People read here all the time. In restaurants, cafes, buses, subways, parks, etc. I always see people, even the apparently homeless, checking up on the news or reading through a book. This hearty readership is also encouraged by frequent bookstores. On nearly every block is a bookstore. Being a strong proponent of reading and a cantankerous literature snob, I find this to be one of the most cosmopolitan aspects of Buenos Aires. I stumbled upon one bookstore in a renovated theatre house and talk about unexpected glamour. It was fabulous! Unfortunately, I found it when I didn’t have my camera.

So lately, I’ve been most thoroughly contented by being in Buenos Aires. I don’t have detailed daily agendas like I did those first several days. I mainly just stroll around and admire. It’s been a more or less tranquil week in a city I first found less than tranquil.

Tuesday, February 10, 2009

Solace for the Homeless?

This trip has been beset by homesickness. It’s funny how your mind will practice selective amnesia. When I first started to feel homesick I was full of wonder: I’ve never felt this before. Well, there was that one time in summer camp…oh and I remember once in Granada, Spain I felt so alone…oh and wasn’t it Cape Town where I just couldn’t wait to get home and spent the last day studying my watch? Oh, riiiight. I have felt homesick before. Each situation had it’s own particular reasons and nuances, but it’s not so brand-spankin-new for me to miss home severely.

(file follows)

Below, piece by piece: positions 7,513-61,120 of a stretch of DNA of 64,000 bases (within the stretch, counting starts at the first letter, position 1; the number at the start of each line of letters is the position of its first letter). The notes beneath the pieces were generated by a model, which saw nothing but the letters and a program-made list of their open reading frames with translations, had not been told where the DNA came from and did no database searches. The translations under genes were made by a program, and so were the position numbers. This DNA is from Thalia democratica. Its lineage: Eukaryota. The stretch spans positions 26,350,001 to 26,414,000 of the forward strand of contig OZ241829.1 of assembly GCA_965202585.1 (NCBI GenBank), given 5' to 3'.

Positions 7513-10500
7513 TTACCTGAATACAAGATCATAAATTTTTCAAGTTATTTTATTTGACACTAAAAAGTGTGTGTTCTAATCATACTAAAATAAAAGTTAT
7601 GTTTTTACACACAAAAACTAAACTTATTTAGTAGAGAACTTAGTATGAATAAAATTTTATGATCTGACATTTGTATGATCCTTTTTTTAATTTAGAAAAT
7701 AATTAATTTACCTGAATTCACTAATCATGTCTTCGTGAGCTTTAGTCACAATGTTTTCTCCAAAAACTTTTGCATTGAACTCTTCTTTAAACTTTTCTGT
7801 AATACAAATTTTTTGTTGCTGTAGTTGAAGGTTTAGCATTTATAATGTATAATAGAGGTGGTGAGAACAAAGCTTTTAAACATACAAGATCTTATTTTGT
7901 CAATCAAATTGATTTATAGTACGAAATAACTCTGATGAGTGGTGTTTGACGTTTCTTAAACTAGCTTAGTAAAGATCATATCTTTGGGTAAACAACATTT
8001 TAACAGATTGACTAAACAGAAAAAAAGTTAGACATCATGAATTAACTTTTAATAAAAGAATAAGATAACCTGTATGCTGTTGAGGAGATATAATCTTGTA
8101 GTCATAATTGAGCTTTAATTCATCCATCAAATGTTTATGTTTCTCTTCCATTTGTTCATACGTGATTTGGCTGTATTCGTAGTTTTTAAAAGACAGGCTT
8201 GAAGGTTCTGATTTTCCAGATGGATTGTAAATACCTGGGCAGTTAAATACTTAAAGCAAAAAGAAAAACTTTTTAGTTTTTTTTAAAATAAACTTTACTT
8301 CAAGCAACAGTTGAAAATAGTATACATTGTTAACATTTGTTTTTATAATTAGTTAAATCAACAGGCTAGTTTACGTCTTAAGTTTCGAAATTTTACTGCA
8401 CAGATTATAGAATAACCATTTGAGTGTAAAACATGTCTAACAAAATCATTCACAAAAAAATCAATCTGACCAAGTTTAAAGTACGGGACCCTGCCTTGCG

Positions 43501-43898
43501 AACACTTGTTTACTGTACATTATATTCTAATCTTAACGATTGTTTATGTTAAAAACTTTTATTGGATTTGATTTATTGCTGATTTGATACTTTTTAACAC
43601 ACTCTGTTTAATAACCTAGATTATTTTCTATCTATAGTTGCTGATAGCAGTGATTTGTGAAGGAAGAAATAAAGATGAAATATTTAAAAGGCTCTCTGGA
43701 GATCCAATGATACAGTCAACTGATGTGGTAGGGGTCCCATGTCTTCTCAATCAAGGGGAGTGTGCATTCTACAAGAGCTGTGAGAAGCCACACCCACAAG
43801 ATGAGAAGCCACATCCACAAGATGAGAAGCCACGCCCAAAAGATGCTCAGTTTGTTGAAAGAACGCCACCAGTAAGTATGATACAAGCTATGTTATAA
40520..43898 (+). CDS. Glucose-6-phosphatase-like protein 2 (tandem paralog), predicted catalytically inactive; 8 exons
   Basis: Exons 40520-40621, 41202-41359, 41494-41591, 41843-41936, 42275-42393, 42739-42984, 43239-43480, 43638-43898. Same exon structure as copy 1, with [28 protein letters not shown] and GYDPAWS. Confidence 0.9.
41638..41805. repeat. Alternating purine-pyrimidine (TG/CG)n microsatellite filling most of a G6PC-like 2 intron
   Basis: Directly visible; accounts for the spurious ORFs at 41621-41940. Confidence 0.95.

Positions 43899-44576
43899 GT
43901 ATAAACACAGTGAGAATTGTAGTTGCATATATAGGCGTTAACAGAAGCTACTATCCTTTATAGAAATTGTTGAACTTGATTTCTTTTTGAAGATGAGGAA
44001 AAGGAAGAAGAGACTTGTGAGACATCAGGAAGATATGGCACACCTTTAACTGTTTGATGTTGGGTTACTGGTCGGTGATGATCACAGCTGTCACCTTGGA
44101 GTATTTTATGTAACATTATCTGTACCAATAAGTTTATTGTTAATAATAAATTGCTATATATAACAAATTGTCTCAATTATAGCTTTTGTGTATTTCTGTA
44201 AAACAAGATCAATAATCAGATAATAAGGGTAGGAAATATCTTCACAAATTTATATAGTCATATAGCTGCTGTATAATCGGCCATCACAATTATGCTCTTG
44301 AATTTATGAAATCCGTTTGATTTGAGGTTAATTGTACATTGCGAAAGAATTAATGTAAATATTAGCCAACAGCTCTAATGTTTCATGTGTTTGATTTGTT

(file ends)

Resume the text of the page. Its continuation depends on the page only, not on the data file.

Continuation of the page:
One of the feelings I dislike most is the lethargy and resistance to enjoying myself. It’s like a very stubborn and grumpy version of myself that randomly decides: Today I won’t have the attention span for Spanish dialogue and I won’t have any patience for the crowded roads. It can even feel like a physical resistance, immobilization, and stiffening to the culture here: Hey, screw you Buenos Aires! I kinda hate you!

Luckily, I’ve had enough composure to work myself through these sorts of feelings. Sometimes it’s a matter of counting backwards from 100 in my bed, and sometimes it’s a matter of finding a quiet café for a coffee and a snack, and sometimes it’s a matter of sitting in a park to re-group. Recently, I even compiled a list of things that are awesome about my trip, which really helped put things in perspective.

Another tendency, probably not as healthy, has been to daydream about home. Sure, there’s still selective amnesia going on (um, didn’t it snow the other day in Seattle?) and things aren’t going to be perfect in Seattle. But, all things considered, wow, it’s fun to think about going home! It’s a sweet luxury.

Then I got to thinking: what about those people who can’t go home? I just finished reading Three Cups of Tea (not a bad read once I got into it) and there are some stories of refugees that made an impression on me. People who were forced out of their homes and can’t go back because the place they once considered theirs is owned by other people or destroyed. This happens all over the world, again and again. Of course. But, the idea really got me thinking. I felt sick thinking about what it must be like longing for a home you can no longer have and people you can no longer see.

I really started to marvel at the luxury of being able to leave home and come back to more or less the same place. Also, I marveled at the luxury of leaving home and then deciding you’d much rather return and then just doing it. So simple. I can walk around town and devise a million things to keep myself busy or return to my room and study or chat online. All the while, I can feel fairly certain that I’m going to my home sweet home soon enough; it's just a matter of filling the time until then.